A preferred shape for the frame is a rectangular loop of approximately the same dimensions as the length and breadth dimensions of the said surface which is to be exposed to the light image.
The advantage of a rectangular frame or loop is realized to the full if the discharging point of the electrode is situated at a distance from the said surface which, when measured along the normal to the surface from the electrode, is approximately equal to the mean distance between the discharging point of the electrode and the frame so that there is an equal attraction from the center of the surface as from the frame at earth potential.
Where a rectangular conductive frame is employed just in advance of the said surface, the size of the rectangular frame is selected as being just greater than the dimensions of a window situated at the same position as the rectangular frame, through which straight line moving ions from the corona discharge can just reach the extremities of the said surface without touching the edges of the window.
Alternatively the paper, or plate, or belt, may be charged by means of a very fine wire stretched across its width a small distance in front of it, which when a high voltage is applied produces a corona discharge which charges the sensitized paper, plate or belt over a narrow area extending in a narrow band across the surface in the vicinity of the charging wire. In order to charge the whole area, the paper, plate or belt can be moved past the wire while the charge is applied, or the wire itself can be moved relative to the paper etc. This mechanical movement may be achieved by or operated from the linkage that is used to actuate the EHT source.
Where the said surface comprises a sheet of opaque sensitized paper on which a photocopy print is to be formed direct, the optical system of the camera is preferably modified so as to produce an inverted real optical image on the said surface so as to produce a correct representation of the view presented to the camera optics. Typically an additional lens or prism may be used.
Where the surface on which the optical and electrical images are formed comprises a sensitized plate or belt on which an intermediate electrical image is obtained which is transferred to a sheet of plain paper or film using a charge transfer technique (or on which an intermediate print is obtained by depositing printing medium thereon which is then transferred directly to a sheet of plain paper or film), no inversion of the optical image is needed since in transferring the intermediate image or print to the plain paper or film, an appropriate inversion of the image is obtained so that the final print on the plain paper or film obtained after a transfer of charge or printing medium, is the correct way round.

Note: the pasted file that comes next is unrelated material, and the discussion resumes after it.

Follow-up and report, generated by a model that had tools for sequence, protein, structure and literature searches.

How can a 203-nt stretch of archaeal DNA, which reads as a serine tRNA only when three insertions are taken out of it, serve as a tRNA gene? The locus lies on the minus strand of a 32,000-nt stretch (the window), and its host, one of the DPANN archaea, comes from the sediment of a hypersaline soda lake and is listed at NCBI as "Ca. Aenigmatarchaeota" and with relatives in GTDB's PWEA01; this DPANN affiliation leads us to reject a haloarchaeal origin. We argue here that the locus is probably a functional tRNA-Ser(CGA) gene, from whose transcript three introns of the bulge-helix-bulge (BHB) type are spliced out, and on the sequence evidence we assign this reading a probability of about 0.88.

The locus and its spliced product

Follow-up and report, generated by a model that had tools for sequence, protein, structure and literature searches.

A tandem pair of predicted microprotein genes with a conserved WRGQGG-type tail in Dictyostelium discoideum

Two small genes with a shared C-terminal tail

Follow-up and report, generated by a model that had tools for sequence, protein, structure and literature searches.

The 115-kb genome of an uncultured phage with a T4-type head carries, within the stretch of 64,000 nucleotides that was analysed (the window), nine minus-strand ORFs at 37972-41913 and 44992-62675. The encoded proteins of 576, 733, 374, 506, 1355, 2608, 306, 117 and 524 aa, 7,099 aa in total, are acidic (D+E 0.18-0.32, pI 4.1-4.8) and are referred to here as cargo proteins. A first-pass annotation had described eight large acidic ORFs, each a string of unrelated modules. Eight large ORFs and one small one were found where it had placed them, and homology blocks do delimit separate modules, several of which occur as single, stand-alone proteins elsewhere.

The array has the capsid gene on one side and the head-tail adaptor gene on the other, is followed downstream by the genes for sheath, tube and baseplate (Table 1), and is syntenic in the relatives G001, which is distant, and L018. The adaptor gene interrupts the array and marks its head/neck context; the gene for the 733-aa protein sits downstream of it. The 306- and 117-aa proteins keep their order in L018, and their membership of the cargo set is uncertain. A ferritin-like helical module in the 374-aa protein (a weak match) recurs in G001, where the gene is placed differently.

A screen comprising a transparent sheet having formed thereon a large number of very small opaque equally spaced apart dots, may be inserted in front of the said surface and prior to the image exposure, substantially uniform light is caused to fall on the said surface through the transparent sheet. The action of the incident uniform light on the charged surface is such as to reduce the charge in the areas between the opaque dots as projected onto the said surface thereby leaving a large number of tiny isolated areas of charge on the said surface. Subsequent exposure to light after the screen has been removed will cause the charge on each of the dots to be dissipated to an extent determined by the amount of light falling thereon, and this causes an electrical image to be established which comprises a large number of incremental areas of charge. The advantage of this procedure is that the tendency for charge migration to occur from regions of high charge to regions of low charge (during and after exposure) is substantially reduced since the electrical image is broken up into a large number of tiny incremental areas each of which can be considered to be at uniform potential with regard to itself and which because it is separate from adjoining areas has little tendency to discharge towards areas of lower potential.
Preferably means is provided for automatically inserting the transparent screen in front of the said surface within the camera housing and automatically removing same after an initial exposure to uniform light, after which the light image is focused thereon.
As has hitherto been mentioned, for some applications, a second charge of opposite polarity will assist in the transfer of an intermediate electrical charge pattern or printing medium adhering thereto, from the said surface to plain paper, and in that event when the EHT generator is a piezo-electric powered source, which produces opposite polarity charges in succession when it is in turn subjected to a compression force and then relaxed, means is provided for conveying the one polarity charge to the charging electrode and the opposite polarity charge to a plate behind the said surface, during the transfer of charge or printing medium.